Wednesday, February 22, 2006

Camille Paglia is Smart, But She Sure is Nutty



















Break, Blow, Burn is written with clarity and zip, and though I have a sort of unconditional admiration for criticism this tangy and confrontational, it's hard not to feel fatigued and bullied after spending more than thirty minutes with this book. Paglia is a polemicist. She's a pot stirrer. And thanks to pot stirrers all sorts of interesting questions can bubble up to the surface. But pot stirrers, at their best, do work that is preliminary. And pot stirrers, at their worst, get hung up making points that seem, y'know, nutty. Take this, the penultimate paragraph of Paglia's introduction:

At this time of foreboding about the future of Western Culture, it is crucial to identify and preserve our finest artifacts. Canons are always in flux, but cannon formation is a critic's obligation. What lasts, and why? Custodianship, not deconstruction, should be the mission and goal of the humanities. As a student of ancient empires, I am uncertain about whether the West's chaotic personalism can prevail against the totalizing creeds that menace it. Hence it is critical that we reinforce the spiritual values of Western art, however we define them. In the Greco-Roman line, beauty and aesthetic pleasure are spiritual too. Poetry does not simply reconfirm gender of group identity; it develops the imagination and feeds the soul. (xviii)

Since when is "Western Culture" in danger? I mean, I think I know what she's talking about, but I find it totally offensive. And who on earth would argue that poetry doesn't "develop the imagination and feed the soul"? Is this really what she thinks critics interested in deconstruction are ultimately saying?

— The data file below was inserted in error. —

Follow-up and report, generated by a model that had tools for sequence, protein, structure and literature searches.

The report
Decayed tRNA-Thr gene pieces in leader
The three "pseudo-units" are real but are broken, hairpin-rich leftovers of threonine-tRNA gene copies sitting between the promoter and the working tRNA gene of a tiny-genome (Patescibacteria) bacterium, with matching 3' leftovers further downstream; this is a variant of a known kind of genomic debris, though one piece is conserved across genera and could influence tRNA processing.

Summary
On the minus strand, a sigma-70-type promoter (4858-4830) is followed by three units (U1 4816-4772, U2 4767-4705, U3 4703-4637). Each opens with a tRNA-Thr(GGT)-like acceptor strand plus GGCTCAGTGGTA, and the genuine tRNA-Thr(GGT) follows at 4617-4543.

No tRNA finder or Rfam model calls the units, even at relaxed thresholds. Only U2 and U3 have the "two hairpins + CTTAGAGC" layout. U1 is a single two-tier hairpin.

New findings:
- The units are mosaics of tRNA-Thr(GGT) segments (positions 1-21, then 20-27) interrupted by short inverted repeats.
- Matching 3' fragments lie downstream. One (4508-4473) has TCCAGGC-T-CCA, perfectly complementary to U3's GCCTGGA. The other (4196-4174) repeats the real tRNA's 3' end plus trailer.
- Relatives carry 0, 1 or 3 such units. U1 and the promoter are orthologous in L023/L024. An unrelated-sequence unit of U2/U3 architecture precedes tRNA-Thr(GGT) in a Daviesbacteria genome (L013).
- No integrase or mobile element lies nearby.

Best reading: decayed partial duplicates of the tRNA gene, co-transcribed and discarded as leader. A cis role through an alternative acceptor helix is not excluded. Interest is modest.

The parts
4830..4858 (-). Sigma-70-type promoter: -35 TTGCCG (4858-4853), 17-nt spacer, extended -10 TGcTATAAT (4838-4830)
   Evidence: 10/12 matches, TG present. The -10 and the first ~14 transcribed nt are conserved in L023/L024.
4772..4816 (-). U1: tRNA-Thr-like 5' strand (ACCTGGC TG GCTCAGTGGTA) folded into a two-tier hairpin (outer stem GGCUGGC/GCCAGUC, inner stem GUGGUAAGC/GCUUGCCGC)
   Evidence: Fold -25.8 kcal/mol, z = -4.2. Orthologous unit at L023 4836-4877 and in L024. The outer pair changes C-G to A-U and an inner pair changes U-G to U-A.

Despite the very obvious and distracting and sometimes disturbing polemics of the introduction, the book does offer up some very pleasurable word by word and line by line readings of poems that many readers are not likely to have visited recently. Although there are -- I think -- noticeable omissions in her selection of contemporary poets , her readings of Donne, Herbert, and Shakespeare are spirited and interesting. It's lovely to linger in the poems -- to savor their diction and music. And re-reading the poem from which Paglia gets her title -- John Donne's Holy Sonnet XIV -- is quite a thrill. And though one could of course just go read John Donne, I have to give Paglia props for her daring reading of the poem, concluding that "We will never be pure until we are abducted and raped by God." Yeah, she's a pot stirrer.

I haven't finished reading the book, and if my habits these days are any indication, I tend more to "read around" in several books at once and never finish any of them. But I'm gonna go and see what Paglia is like in person. She's reading @ Bookpeople here in Austin on March 14 (in between AWP and SXSW -- March is busy in these parts).

If you're interested, you can also check out Camille Paglia's website, which (I think) looks like an astrologer's website. Weird.

3 comments:

ren said...

It does look like an astrologer's website. Did you look at her wolrd's best lists? She's way off mostly, but the movie quotes one is good.

Lizzie said...

Paglia is nut-tastic. How many other lesbian feminists have based their careers on insulting women and insisting that homosexuality is unnatural? (http://www.salon.com/people/col/pagl/2001/05/23/oil/index.html)

I try to like her, but her Salon pieces are 50% self-promo and 50% backstabbing other critics. Fun reading, but not exactly constructive.

Donny B said...

I'm reading this book right now. I read one or two entries a day, because that's all I can take. I'm sort of new to poetry and, regardless of her viewpoints, she is an enthusiastic navigator so so far I'm enjoying it.

I saw her speak when she came to Chicago. Get ready to be exhausted. The woman can talk endlessly about anything and barely catches a breath. But she can be a lot of fun.